Books by Eamonn Fingleton

NON-FICTION
Released: Sept. 9, 1999

An economic polemic arguing that the information age is an overblown phenomenon. Fingleton, who has written previously about Japan's manufacturing culture (Blindside, 1995), this time explores the hidden failure of American nonmanufacturing industries (using Japan as his major foil). Singly and in aggregate, the author discounts the apparent successes of the computer software, finance, and entertainment industries, among others. In comparison, he claims, traditional manufacturing industries, such as automobiles and steel, may have weaknesses, but their potential has been unfairly overlooked. Fingleton's main point is simple: manufacturing is an efficient generator of jobs, income, and export wealth. Look at the success of postwar Japan, he invites us, excusing its economic travails of the 1990s as exaggerated by Western powers. Whatever the merits of this argument, they are wounded by Fingleton's unrelenting attack on "postindustrialists," modern bogeymen who tout the wonder of the information economy while ignoring the rusting industries of the past. These demons include named sources—individual economists, futurists, and publications like the Economist and the Wall Street Journal—and amorphous groups such as the media, depicted as dupes and fawning supporters of the postindustrialist mantra. The press, for example, is blamed for portraying manufacturing as a "consistently dull activity worthy only of self-evident second-raters." The author has credible ideas and offers reasonable descriptions of economic activity, yet readers may have difficulty believing someone whose political biases are so flagrantly exhibited. For example, Fingleton's complaint that powerful Microsoft and other software companies are guilty of "exclusionist hiring" seems merely bizarre when we discover that what he means is, these firms insist on hiring very smart people ("workers of average intelligence need not apply"). At the end, the author reveals his hidden agenda: the need to resurrect tariffs, because "good fences make good neighbors." Fingleton's novel promotion of the value of manufacturing is crippled by unbalanced coverage and patronizing insults. Read full book review >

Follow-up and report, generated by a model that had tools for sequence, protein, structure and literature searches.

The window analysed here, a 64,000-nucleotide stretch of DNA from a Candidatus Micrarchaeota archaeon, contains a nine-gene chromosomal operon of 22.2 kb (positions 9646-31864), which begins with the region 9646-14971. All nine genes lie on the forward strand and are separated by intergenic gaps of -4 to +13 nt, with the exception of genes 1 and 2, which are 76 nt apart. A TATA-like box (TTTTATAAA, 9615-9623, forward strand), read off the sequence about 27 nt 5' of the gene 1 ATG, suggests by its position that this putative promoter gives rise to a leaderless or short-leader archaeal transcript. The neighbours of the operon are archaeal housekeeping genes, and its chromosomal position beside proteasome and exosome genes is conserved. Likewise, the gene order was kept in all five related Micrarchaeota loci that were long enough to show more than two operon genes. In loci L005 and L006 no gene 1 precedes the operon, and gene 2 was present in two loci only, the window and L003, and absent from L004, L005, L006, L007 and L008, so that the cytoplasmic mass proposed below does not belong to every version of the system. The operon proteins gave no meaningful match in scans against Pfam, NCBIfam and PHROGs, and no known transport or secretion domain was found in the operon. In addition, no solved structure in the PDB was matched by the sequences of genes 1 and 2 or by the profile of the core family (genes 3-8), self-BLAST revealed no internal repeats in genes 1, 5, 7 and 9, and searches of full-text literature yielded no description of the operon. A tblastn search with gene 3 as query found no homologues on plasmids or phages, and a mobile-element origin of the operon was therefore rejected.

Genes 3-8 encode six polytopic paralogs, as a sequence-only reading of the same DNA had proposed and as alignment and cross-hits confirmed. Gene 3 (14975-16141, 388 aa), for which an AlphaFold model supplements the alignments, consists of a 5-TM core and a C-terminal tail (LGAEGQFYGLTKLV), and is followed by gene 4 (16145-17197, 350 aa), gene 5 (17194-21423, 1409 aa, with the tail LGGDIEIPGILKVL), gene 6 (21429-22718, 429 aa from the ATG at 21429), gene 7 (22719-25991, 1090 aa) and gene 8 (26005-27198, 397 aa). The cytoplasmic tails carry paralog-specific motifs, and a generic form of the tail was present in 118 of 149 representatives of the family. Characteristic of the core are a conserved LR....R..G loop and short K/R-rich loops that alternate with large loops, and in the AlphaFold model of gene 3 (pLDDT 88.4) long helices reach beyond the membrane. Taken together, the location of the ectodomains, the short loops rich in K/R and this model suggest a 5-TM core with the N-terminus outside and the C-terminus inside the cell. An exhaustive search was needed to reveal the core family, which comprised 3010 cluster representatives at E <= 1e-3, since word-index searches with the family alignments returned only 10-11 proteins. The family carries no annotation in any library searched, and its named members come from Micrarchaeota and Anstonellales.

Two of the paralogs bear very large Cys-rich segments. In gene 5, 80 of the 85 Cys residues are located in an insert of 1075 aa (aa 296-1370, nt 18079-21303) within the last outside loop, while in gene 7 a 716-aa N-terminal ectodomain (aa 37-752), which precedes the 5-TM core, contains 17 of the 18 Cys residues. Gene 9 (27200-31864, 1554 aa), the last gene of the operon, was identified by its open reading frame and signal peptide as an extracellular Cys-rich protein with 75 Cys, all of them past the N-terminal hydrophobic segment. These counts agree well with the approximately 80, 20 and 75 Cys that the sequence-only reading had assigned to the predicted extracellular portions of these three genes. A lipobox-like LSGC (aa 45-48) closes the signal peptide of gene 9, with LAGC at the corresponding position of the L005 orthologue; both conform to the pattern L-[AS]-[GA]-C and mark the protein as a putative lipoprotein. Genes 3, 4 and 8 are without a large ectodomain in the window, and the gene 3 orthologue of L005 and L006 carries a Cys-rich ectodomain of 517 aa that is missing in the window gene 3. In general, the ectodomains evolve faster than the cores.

NONFICTION
Released: March 20, 1995

An overstated case for the proposition that Japan Inc. has artfully hoodwinked a credulous West about the extent of its economic ambitions. Fingleton, Asia editor of Euromoney magazine, makes many valid points about the differences between Anglo-American free-enterprise capitalism and the mercantilist approach of Japan's government- industrial complex. In an effort to prove that the island nation is engaged in a conspiracy orchestrated by the formidable Ministry of Finance (MOF) to achieve global commercial supremacy, however, the author exaggerates the challenge to a degree that discredits legitimate concerns about Japan's bent for cartels, collusive labor relations, managed trade, encouragement of a high savings rate (at the expense of consumption), and an undervalued yen. Without going into detail, for instance, Fingleton ascribes all five of the postWW II crashes that have convulsed Japan's securities exchanges to cunning plots engineered by the MOF. He only hurts his case with selective attacks on Western publications (notably, The Economist and the Wall Street Journal) and scholars he believes have been gulled into a false sense of security by diabolically clever Japanese bureaucrats. Fingleton ignores a wealth of evidence at odds with his invincibility scenario. Cases in point include the demographic fact that Japan's population is aging at a faster pace than those of other developed countries and its unfortunate record of international investment (in US film studios, real estate, etc.). Overlooked as well is the risk that rivals will eventually take draconian steps against a competitor that desperately needs foreign outlets for a relatively narrow line of export goods but doggedly defends its own turf against significant offshore incursions. Occasionally perceptive but essentially hyperbolic prophecy from the I-alone-can-save-them school of analysis. Read full book review >